Garr suggests a mix of symmetrical and asymmetrical slides. Symmetrical are more formal and static, where as asymmetrical slides are often more dynamic and interesting and activate empty space. He also suggests using a grid, such as the rule of thirds (2 horizontal and 2 vertical lines providing a grid of 9 equally sized boxes), with the main subject placed on one of the crossing points of the lines. Contrast (using colour, shape, space, etc) can be used to make an element stand out and helps the viewer “get” the point of the design quickly. Repetition can be used (eg, text on each slide in an image of a post-it) to provide a professional and unified look. Use proximity to group related objects.

Although Garr doesn’t talk about it explicity, his sample slides tend to make use of clever typography. Often lower case text, with most important part in a bigger font. A mix of colours and sizes and styles and sometimes rotations to add interest to the slides. Generally sans-serif fonts.

On presenting itself, Garr says you should be completely present – enthusiastic and completely focused on presentation that you are giving, lost in the moment. Nothing else. Although you may make mistakes, don’t dwell on them. Practice like mad to become confident and appear easy and natural for the presentation. However, remain flexible, aware and open to possibilities as they arise (being “in the moment”).

Near the end of the book, Garr says: “It’s not about us [the presenter], it’s about them. And about the message.”. He also suggests that shorter is better, leave the audience wanting more, not overloaded (as per Japanese proverb “eat until 80% full”). On delivery, Garr suggests standing front and centre, leaving the lights on and advancing slides with a remote.

Garr’s points are much more clearly illustrated using images in the book. I would recommend Presentation Zen to anyone who is interested in making more visually inspiring and interesting presentations.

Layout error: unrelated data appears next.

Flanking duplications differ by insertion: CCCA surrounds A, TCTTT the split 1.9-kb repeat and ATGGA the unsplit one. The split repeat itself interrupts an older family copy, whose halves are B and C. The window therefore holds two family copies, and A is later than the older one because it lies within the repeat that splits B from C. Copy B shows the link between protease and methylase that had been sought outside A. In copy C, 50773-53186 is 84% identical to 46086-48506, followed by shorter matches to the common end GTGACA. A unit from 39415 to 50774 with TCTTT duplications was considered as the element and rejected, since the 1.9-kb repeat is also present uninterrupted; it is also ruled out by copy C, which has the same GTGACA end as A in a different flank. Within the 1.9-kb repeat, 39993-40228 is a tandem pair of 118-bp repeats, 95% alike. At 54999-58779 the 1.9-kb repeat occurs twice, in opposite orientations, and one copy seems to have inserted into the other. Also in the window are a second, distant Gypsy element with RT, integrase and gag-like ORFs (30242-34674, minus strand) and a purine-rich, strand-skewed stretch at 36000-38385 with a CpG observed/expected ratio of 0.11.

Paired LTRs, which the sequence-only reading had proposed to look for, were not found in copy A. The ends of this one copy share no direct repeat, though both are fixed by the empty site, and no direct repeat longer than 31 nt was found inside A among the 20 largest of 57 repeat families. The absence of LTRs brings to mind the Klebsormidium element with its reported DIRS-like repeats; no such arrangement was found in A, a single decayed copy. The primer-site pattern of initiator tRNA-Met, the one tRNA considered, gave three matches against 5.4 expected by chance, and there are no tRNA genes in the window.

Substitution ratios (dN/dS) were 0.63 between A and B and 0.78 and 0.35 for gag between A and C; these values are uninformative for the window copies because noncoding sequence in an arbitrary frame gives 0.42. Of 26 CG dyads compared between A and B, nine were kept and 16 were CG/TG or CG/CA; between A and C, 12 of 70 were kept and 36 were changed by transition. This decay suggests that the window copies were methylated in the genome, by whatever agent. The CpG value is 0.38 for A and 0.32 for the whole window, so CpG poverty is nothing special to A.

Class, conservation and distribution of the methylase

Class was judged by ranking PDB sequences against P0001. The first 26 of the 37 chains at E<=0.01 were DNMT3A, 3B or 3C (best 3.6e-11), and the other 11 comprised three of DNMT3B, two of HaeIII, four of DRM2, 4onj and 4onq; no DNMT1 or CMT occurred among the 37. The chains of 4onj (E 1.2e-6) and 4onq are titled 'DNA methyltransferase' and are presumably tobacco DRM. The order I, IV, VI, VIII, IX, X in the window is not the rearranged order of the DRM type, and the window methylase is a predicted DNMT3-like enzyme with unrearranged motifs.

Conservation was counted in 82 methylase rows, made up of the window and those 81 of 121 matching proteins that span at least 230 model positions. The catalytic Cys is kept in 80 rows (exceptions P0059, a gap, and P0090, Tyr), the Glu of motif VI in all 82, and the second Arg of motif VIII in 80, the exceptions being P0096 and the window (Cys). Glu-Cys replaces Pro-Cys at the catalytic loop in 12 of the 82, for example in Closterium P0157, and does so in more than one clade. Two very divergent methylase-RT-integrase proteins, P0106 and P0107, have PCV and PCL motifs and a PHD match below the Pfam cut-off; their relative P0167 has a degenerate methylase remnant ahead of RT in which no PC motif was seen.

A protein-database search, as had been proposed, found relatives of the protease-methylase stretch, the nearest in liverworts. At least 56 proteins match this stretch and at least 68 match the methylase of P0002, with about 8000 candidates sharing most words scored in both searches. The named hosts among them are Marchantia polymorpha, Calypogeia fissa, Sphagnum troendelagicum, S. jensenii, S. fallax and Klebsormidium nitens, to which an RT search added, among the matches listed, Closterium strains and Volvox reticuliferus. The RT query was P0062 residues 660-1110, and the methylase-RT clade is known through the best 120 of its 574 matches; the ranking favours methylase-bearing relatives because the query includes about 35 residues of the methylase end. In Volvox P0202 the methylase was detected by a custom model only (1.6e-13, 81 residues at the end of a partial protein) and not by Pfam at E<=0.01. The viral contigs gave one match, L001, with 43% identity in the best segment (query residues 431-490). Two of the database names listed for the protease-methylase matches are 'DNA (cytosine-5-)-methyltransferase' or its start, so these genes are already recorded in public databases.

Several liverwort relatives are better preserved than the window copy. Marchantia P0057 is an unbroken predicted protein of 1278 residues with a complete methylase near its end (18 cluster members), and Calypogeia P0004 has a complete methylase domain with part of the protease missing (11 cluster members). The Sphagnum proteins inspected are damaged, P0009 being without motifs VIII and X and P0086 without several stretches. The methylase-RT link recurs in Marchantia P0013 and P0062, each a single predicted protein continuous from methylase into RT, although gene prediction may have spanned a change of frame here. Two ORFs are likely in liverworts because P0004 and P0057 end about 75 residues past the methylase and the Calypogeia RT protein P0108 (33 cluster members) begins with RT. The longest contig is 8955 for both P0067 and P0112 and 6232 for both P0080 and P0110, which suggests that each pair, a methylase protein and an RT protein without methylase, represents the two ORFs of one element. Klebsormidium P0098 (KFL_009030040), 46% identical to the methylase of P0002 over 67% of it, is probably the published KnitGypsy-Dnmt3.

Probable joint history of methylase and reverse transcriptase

Slides & Code: Securing your MVC site against Code Injection and X-Site Scripting

Here are the slides and code from yesterday’s talk at Sydney ALT.NET.

See Steve Sanderson’s post for the code/binary for subclassed aspx compiler and more information about the automatic encoding approach we covered in the talk.

Talk: Securing your MVC site against Code Injection and X-Site Scripting

I’ll be giving a lightning talk on securing your ASP.NET MVC site against code injection and x-site scripting next Tuesday 25 August at the Sydney ALT.NET group. I’ll be demonstrating potential pitfalls and dangers of arbitary code injection, and how you can protect against it, elegantly. We’ve got 6 interesting talks lined up for the night. See you there!

Slides from REST Talk at St George Bank

Thanks very much to Nigel for inviting me to present on REST at St George Bank in Kogarah, and to ThoughtWorks for the time in the middle of the day to give the talk. It was a fun session and the people attending asked quite a number of good questions. Here are the slides. Please note that they are about 10mb (thanks to all the images). There’s some extra information in the “Notes” pane as well.

Slides from ACS REST Talk

Thanks to everyone who came along to the REST talk at ACS tonight. Here are the slides. They are quite a big download (10mb) as a result of all the images. When you review them, you might want to turn on the “Notes” view as I’ve added some text to go along with the image based slides.